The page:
Disasters cost a mere $56 billion in the first half of 2013 but the worst may be yet to come

Signs of the time.
Signs of the time.
Image: Samantha Cantwell/AP
We may earn a commission from links on this page.

The good news: Global economic losses from climate-related disasters totaled only $56 billion in the first half of 2013, down 16% from the same time last year. The bad news: The North Atlantic hurricane season is just kicking into high gear.

Worldwide, flooding caused the bulk of the insurance industry’s $20 billion in covered losses in the first half of this year, leaving individuals and companies on the hook for the remaining $36 billion, according to a report from insurer Swiss Re. “As a result, 2013 is already the second most expensive calendar year in terms of insured flood losses,” the report stated.

Image for article titled Disasters cost a mere $56 billion in the first half of 2013 but the worst may be yet to come

Few areas of the globe were spared from flooding that took 7,000 lives between January and June. Torrential rains led to $18 billion in economic losses in central and eastern Europe in June, while that same month flooding in Alberta, Canada cost $4 billion. Flooding in the wake of Cyclone Oswald, which hit Australia in January, racked up a $2 billion bill. Heavy rains and resulting floods also affected Africa, Argentina, Indonesia and India.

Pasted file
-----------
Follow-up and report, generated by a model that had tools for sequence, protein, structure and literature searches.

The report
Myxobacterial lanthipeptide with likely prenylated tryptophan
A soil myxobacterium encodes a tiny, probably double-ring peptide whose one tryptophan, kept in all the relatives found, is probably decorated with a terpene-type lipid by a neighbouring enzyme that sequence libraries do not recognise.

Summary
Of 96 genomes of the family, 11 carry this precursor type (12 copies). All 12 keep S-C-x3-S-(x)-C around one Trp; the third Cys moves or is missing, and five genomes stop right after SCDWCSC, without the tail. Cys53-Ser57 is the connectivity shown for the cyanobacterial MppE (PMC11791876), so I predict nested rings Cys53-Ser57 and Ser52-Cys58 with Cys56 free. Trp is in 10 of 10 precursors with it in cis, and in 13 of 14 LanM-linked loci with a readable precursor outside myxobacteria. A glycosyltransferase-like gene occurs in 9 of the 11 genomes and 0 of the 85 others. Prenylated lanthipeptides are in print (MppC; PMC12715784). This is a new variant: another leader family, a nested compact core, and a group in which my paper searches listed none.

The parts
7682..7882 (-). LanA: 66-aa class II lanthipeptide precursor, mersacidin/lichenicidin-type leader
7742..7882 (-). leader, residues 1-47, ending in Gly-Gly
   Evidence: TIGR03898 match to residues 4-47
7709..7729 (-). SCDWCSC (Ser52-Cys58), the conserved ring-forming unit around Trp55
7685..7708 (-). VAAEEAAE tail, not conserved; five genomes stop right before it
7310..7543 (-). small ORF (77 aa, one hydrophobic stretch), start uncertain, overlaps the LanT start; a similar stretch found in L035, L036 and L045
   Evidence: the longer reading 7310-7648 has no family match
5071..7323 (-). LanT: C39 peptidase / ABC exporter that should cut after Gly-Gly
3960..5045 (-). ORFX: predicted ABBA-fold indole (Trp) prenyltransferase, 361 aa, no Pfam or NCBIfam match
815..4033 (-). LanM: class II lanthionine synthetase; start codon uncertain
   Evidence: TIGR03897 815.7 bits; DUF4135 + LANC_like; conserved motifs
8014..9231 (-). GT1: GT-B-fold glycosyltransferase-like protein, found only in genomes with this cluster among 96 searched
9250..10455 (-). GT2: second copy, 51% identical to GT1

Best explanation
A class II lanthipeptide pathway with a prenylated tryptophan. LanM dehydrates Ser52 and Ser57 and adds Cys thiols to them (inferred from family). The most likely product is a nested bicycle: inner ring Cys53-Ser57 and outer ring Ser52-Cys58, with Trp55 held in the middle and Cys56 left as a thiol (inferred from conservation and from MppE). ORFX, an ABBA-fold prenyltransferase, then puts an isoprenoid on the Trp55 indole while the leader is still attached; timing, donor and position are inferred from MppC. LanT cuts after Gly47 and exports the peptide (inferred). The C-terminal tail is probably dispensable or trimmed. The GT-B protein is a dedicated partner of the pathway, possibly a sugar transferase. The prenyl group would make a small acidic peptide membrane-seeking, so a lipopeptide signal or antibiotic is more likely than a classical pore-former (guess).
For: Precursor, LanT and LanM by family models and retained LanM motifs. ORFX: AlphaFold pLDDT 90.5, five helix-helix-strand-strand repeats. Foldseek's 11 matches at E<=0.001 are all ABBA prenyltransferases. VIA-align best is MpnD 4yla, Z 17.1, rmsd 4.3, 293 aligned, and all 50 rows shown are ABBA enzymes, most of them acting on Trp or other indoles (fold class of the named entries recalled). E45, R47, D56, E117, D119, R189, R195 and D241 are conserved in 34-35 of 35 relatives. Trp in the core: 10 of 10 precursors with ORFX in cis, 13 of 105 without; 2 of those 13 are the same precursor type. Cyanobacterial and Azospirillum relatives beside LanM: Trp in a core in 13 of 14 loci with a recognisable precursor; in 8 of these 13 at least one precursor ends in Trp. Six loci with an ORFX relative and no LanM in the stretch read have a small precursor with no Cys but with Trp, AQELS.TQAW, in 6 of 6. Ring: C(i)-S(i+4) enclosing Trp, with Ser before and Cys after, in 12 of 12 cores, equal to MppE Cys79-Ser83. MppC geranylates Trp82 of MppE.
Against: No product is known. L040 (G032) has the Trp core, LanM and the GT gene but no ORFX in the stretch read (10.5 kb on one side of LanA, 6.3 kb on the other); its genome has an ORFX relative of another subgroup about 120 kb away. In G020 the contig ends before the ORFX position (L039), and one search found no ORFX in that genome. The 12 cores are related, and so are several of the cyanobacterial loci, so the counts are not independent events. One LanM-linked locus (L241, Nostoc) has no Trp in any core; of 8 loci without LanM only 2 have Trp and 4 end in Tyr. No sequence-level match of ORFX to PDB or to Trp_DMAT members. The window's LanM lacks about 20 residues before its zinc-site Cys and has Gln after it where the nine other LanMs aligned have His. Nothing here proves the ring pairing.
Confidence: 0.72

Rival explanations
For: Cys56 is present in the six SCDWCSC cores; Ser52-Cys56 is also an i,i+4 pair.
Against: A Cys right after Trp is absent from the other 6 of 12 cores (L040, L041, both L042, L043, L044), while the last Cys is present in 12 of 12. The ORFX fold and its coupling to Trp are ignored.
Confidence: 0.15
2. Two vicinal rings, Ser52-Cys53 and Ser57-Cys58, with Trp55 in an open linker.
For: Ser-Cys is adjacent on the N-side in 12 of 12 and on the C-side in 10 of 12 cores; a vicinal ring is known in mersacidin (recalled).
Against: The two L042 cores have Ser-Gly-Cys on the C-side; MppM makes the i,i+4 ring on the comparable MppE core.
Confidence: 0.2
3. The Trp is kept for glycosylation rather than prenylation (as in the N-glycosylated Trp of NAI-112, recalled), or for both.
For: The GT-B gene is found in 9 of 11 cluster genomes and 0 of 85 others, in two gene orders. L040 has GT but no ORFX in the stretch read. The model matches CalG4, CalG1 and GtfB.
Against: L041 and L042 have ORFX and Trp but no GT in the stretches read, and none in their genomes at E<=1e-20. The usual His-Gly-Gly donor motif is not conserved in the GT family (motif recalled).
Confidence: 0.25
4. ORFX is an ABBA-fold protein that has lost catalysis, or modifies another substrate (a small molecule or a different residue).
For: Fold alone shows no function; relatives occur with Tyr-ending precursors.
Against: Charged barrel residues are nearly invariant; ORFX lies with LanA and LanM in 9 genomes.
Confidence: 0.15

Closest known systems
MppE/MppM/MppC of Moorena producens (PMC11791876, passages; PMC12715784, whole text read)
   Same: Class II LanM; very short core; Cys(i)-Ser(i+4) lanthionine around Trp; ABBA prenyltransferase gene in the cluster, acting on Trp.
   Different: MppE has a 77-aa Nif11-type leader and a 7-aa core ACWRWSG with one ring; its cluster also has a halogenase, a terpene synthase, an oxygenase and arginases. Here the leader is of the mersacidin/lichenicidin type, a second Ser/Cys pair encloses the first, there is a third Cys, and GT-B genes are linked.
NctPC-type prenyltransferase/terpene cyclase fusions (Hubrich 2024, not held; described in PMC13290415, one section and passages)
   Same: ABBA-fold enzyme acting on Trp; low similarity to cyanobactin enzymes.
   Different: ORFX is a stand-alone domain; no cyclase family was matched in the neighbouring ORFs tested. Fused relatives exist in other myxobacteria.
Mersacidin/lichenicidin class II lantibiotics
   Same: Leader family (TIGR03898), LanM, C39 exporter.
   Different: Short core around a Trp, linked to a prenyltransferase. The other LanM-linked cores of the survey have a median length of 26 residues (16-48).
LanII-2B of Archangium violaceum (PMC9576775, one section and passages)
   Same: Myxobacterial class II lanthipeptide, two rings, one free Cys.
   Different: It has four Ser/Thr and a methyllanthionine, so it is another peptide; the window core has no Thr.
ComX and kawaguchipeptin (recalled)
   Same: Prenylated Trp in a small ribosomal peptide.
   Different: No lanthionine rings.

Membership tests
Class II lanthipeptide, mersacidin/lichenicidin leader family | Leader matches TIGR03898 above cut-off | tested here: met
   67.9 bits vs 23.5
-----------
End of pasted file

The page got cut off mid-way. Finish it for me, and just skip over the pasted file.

In the US, the massive tornado that swept through Moore, Oklahoma, caused $1.8 billion in insured losses. Between March and May, tornadoes and other severe storms led to a total economic loss of $6.7 billion in the US, according to Swiss Re. Insurance covered $4.5 billion of those losses, but the industry covered only $4.1 billion of the $18 billion in losses from European flooding.

Tornado season is over in the US, so the wild card for the remainder of 2013 is the severity of any hurricanes that develop over the remaining months of the year. Swiss Re’s chief economist, Kurt Karl, warned against becoming complacent. “Though 2013 has so far been a below-average loss year, the severity of the ongoing North Atlantic hurricane season, and other disasters such as winter storms in Europe, could still increase insured losses for 2013 substantially,” he said in a statement.